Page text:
Campus Police Squad!

American University is situated in a tony portion of Northwest Washington, DC.  To keep the peace with the neighborhood, when AU built its Washington College of Law in the Spring Hill section, it agreed that students would not park on the city streets or the neighboring streets.  To wit, American University hires private parking enforcement personnel to issue parking tickets to students and staff parked in the area.  The same treatment is applied around the American University’s main campus in University Park and Tenleytown buildings.

The result is that a driver can be legally parked on the street in Washington and still receive a $75 fine.

Living in city center, I appreciate the preciousness of parking spaces and enforcement of the law. However, I am chary about the blurring of private property rights, the extra-legal extensions of governmental authority and the indiscriminate enforcement by University officials.

The University certainly has the power to enforce the law on their property, but should it authority extend to the surrounding area? American Parking Permit Policies mandates that students and campus staff must either use public transportation or park on campus.  Parking is $1.50 an hour or a $964 a year for a student, $1,464 for staff.  Since no DC laws are broken, it is dubious that that AU parking fines go into the city’s coffers.  If you are associated with campus, presumably diplomas may be withheld or paychecks are garnished.

Since the AU Campus Cops are acting as vigilante parking enforcement, the MPD does not vigorously enforce parking violations in the area. This is troubling that the government cedes authority on public property to an outside entity.   Unfortunately, it is unclear how far this territory extends.

Michael McNair, the AU Director of Campus Safety refused to define the vicinity which campus police will ticket street parking.  McNair claims: “If they are conducting A.U. business, they must park on campus or take public transportation. Where we ticket for violation of this rule is again irrelevant.”

While I am leery about extrajudicial appropriations of policing authority, it might be understandable if it were discrete and clearly defined.  As the Director of Campus Safety indicates, he thinks that the authority is a blank check.  These overzealous ivory tower meter maids can not make distinctions between cars associated with American University so they ticket every car present.  These Keystone Campus Cops pay no mind to drivers with Zone Three Offstreet Parking Stickers.

The fine print on the AU Ticket may say that you may ignore the infraction unless you are associated with AU, but it gives the color of law to vigilantes and passes the burden of proof onto innocent drivers.  So one can dispute the ticket, call the University to not have your car ticketed or ignore the ticket.  What lesson is AU teaching about obeying the law?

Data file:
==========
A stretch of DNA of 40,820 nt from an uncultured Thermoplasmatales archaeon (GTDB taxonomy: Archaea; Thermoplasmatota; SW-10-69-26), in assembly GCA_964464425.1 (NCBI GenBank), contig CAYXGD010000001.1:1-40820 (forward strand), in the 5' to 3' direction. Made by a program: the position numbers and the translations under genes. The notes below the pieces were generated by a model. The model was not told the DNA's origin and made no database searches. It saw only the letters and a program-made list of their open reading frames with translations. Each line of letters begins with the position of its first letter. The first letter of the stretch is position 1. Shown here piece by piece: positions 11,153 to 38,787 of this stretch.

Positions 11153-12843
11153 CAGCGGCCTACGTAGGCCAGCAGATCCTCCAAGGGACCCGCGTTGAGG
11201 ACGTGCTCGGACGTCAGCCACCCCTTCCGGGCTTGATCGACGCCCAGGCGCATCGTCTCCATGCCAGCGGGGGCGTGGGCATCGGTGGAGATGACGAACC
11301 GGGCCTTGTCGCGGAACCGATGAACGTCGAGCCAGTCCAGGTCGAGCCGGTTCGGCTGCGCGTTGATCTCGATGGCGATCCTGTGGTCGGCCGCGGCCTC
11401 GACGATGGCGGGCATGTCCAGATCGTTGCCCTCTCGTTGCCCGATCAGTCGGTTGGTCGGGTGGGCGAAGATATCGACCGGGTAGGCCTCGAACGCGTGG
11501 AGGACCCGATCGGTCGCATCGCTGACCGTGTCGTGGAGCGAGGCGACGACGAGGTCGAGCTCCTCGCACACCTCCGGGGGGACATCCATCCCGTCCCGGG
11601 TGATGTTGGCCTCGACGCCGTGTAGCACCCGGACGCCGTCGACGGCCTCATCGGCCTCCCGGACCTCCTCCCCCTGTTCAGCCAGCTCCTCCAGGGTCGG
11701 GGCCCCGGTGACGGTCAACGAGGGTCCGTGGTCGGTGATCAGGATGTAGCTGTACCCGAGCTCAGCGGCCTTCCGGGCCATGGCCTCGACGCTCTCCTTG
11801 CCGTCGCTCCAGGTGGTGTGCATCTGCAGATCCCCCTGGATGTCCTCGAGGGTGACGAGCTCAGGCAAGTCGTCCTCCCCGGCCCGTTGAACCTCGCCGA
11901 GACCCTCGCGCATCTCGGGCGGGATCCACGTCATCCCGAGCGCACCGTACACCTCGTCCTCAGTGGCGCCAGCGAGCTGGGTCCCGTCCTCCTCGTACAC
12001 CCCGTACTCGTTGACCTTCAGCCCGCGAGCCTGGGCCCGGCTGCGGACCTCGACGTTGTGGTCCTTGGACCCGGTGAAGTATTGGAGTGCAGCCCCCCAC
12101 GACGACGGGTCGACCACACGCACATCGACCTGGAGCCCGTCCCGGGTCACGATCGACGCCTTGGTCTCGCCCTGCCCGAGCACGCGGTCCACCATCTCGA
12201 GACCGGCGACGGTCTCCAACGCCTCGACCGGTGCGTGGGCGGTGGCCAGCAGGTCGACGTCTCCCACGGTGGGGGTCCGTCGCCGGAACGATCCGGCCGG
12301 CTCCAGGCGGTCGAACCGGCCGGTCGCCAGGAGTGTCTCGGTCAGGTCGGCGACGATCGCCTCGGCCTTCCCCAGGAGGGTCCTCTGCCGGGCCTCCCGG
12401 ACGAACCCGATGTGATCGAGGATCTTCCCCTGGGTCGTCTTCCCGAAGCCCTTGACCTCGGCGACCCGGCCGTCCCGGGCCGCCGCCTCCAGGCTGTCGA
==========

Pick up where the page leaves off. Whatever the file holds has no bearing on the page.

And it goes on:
George Washington University, another large DC campus, also has a Good Neighbor policy around the Mount Vernon campus, but it seems to gently enforce it without having a bureaucratic, revenue generating model.

Compared to other local campuses, American University charges double the amount for its parking permit.  The zealous enforcement of the Good Neighbor policy may be as much as a revenue enhancement device as keeping the peace with area residents.  Perhaps they can follow the Chicago Public School’s lead and ban students from bringing their own food, which would help their food vendors.

Via: WUSA, Channel 9 Washington DC
Via: Washington City Paper

11 April 2011

Progressive's Food Fascism

In the early days of the Obama Administration, clarion calls from a Cable News host inveighed that Cass Sunstein, the White House Administrator of Information and Regulatory Affairs, was labeled as the most dangerous man in America.  Sunstein’s book Nudge offered a game plan for drive the herd in forcing Americans to adopt desired policies.  This nudging seems most acutely applied in a cornucopia of instances of food fascism.

New York City under the progressive prodding of Mayor Michael Bloomberg (D,R, ?-NYC) has been in the forefront of food fascism.  While New York City only recently toyed banned fast food restaurants from offering toys with their children’s meals so as not to fall far behind San Francisco, NYC led the way for discouraging using trans-fats in fast food and displaying a calorie count on their menus.

But New York City was not content to micro-manage fast food chain restaurants.  The New York City Sanitation Department issued an edict entitled “Life in the Cubical Village” which proscribed some very specific rules about food.  French Fries are forbidden as are other fried foods.  Soda is censored.  In fact, any beverages served must have no more than 25 calories per 8 oz. serving. If food is served than it must be accompanied by tap water. These rules actually dictate that if a celebration cake is served, there may not be cookies. Muffins must be cut into quarters and all popcorn must be air popped and served in brown paper lunch bags.  Isn’t it ironic that such crap comes from the NYC Sanitation Department?

Boston is going further to nudge it’s nutritional notions.  Mayor Tom Manino (D-Boston) has issued an executive order that will phase out all sugary drinks on city property in the next six months.  In fact, Manino wants to ban all sales, promotion and advertising.  This soda fiat was paired by the city blessing the sale of mixed drinks at Fenway Park, presumably so long as it is not a Rum and Coke.